The Palos Verdes Peninsula and South Bay of Los Angeles County are areas that can be rewarding to the birdwatcher, particularly when given patience, perseverance and a bit of luck. Native vegetation has been restored in parks and reserves, bringing birds back that haven't been seen for years. These photos were taken with the Canon 7D DSLR and either a Canon EF 100-400 f/4.5/5.6L IS USM or EF 500 f/4L lens. Two great online resources for Palos Verdes/South Bay birds are Palos Verdes/South Bay Audubon Society http://www.pvsb-audubon.org/
and local bird expert and guide Martin Byhower's website Birding Southern California http://www.birdingsocal.com/
Female Allen's Hummingbird in a blooming Japanese Cherry Blossom tree, South Coast Botanic Garden, Palos Verdes, March 9 2013.
Yellow-rumped Warbler, also in a Japanese Cherry Blossom tree, March 9 2013.
Quite a few birds were attracted to the pollen and insects in the South Coast Botanic Garden's blooming Japanese Cherry Blossom trees on Saturday, March 9, 2013. Here's a female Downy Woodpecker investigating...
And another view of the female Downy Woodpecker at a Cherry Blossom bloom.
On January 13, 2013, during Martin Byhower's birdwalk at Ken Malloy Harbor Regional Park in Harbor City, Steve Dexter was the first to spot what has been posiitively ID'd as an extremely rare (for the western US in general and California in particular) Blue-headed Vireo. As the Cassin's Vireo can be much more commonly found here, and can look somewhat similar, there was some question as to which Vireo it was, but these photos clearly show what to veteran southern California birder Todd McGrath are the telltale markings -- "the bright yellow underparts, blue gray head color, strong delineation between the green back and blue gray cap plus the nice even separation of the the throat from the head color all point to [Blue-headed Vireo]".
Therej was no doubt in Steve Dexter's mind what he was seeing -- he saw the bird, and remarked "Blue-headed Vireo!" immediately, NOT Cassin's. Here's another photo.
And another angle of the Blue-headed Vireo...
The Blue-headed Vireo with a snack...
You really can't have too many photos of KMHRP's Blue-headed Vireo as he's so rare -- and who knows how long he'll stick around...
Back to more usual suspects seen at the Harbor Park birdwalk on Sunday, January 13, 2013, here's a Black-throated Gray Warbler seen in the area known as "The North End Willows", bordering Pacific Coast Highway.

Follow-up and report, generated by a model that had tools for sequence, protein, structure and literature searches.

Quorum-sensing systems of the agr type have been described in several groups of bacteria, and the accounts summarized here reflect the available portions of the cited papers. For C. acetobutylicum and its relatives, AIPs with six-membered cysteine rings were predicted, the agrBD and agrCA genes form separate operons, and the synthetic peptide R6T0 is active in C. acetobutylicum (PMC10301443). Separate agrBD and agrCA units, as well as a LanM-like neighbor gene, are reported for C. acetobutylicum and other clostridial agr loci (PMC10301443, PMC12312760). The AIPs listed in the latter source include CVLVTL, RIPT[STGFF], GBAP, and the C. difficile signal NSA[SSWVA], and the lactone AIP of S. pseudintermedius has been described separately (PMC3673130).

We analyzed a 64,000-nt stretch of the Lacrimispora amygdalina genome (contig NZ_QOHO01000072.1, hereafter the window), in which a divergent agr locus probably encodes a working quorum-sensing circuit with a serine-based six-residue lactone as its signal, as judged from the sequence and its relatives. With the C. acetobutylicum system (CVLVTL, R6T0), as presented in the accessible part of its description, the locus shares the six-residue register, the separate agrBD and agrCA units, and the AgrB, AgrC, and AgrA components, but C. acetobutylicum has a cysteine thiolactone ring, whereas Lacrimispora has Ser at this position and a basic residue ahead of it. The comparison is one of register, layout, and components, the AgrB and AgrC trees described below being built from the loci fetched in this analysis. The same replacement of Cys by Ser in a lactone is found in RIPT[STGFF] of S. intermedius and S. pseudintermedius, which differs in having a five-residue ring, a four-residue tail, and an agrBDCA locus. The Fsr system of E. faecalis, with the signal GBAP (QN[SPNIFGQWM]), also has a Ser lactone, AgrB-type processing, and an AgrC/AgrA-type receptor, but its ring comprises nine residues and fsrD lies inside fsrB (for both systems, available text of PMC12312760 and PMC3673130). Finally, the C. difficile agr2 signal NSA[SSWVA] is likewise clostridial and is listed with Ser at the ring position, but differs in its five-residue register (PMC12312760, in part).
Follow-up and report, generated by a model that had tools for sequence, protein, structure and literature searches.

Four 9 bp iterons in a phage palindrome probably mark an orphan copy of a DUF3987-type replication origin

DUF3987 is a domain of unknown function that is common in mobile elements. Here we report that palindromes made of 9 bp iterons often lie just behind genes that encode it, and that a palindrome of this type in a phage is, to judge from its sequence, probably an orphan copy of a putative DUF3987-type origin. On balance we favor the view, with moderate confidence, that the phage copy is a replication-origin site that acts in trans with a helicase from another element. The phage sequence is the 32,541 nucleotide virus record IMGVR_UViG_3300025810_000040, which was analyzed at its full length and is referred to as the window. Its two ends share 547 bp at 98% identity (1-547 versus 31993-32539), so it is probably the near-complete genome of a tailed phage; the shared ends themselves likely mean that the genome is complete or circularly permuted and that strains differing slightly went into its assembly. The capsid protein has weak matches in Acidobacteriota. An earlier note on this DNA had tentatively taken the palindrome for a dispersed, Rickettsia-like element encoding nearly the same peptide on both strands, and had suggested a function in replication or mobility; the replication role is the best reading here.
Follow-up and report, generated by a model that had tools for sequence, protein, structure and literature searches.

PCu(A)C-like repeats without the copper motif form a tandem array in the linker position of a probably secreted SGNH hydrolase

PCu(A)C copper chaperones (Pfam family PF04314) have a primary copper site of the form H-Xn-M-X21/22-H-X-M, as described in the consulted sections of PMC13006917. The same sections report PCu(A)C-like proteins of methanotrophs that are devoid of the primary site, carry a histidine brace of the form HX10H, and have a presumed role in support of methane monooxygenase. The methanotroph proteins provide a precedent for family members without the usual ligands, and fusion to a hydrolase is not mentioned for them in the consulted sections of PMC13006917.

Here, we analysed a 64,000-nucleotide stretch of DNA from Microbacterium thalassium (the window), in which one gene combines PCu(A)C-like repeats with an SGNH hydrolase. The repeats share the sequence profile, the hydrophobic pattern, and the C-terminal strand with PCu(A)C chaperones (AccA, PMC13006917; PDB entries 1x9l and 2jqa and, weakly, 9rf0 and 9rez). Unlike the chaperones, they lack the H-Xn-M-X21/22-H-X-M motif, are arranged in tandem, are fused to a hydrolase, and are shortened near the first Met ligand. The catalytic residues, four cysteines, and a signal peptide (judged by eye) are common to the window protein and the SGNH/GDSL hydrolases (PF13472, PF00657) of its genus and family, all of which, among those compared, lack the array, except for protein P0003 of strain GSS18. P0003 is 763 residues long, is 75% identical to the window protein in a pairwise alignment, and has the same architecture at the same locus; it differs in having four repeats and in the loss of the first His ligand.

Great-horned Owl, Saffo's Rest, Rolling Hills, CA, January 1 2013.
Ruby-crowned Kinglet, Purple Canyon Trail, Rolling Hills, CA, January 1 2013.
Hermit Warbler, Rolling Hills, CA, November 4 2012.
The male Green-winged Teal is still at Averill Park in San Pedro; it's been there for over a year. November 10, 2012.
Adult Cooper's Hawk, Angels Gate Park, San Pedro, CA, December 27 2012.
Golden-crowned Sparrow, Madrona Marsh, Torrance, CA, December 31 2012.
Lincoln's Sparrow, Madrona Marsh, Torrance, December 27 2012.
White Wagtail, Cabrillo Beach, San Pedro, CA, December 9 2012.
I found this male Mandarin Duck at Averill Park , a suburban park here in San Pedro, November 10 2012. Mandarins are an "exotic" species of duck, usually escapees from zoos or collections, and therefore not a "countable" bird under ABA rules. Still, they're infrequently seen here in the Los Angeles area; the closest one to me prior to this was at the Los Angeles Arboretum in Arcadia, nearly 30 miles away. I NEVER thought I'd see one here in my home town, but there he was...
A female Northern Harrier appears for awhile at Ken Malloy Harbor Regional Park in Harbor City, CA, on November 11, 2012.
A Black-throated Gray Warbler with a insect snack, Ken Malloy Harbor Regional Park, November 11 2012.
A male American Kestrel fluffed-up in the morning sun, Ken Malloy Harbor Regional Park, November 12 2012.
A female Dark-eyed Junco of the "Oregon" subspecies, Highridge Park, Palos Verdes, CA, November 10 2012.
On October 27, 2012, while out birding with Martin Byhower, friend, mentor, and bird guide in Los Angeles' South Bay, we surprised this out-in-the-open Common Poorwill that was lying motionless off a path along the Harbor Park Golf Course. I think we surprised him as much as he surprised us!
Brown Creeper at the suburban Alondra Park, Lawndale, CA, October 20 2012.
On October 14, 2012, during the birdwalk led by Martin Byhower at Ken Malloy Harbor Regional Park in Harbor City, birdwatchers observed an rariity for the area -- a male Scarlet Tanager, pictured here. He may be a "First Fall" bird, as he's marked with whitish edges on his wingtips, and a black patich on his coverts. He'd been first spotted by Darren Dowell the day before, who posted his find on the LaCoBirds listserve.
As if seeing the Scarlet Tanager at Harbor Park weren't enough, we were also treated to this Black-and-White Warbler, which is listed in National Geographic's "Field Guide to Birds of North America" as "rare in West south of breeding range; occurs mostly as a migrant, but a few winter too, especially in CA."
On September 29 2012 I discovered this Northern Waterthrush, once again at Ken Malloy Harbor Regional Park, in the area called "the Vermont storm drain". Nat Geo's Field Guide to Birds of NA describes it as being "a rare migrant in CA and the Southwest, where a few may winter."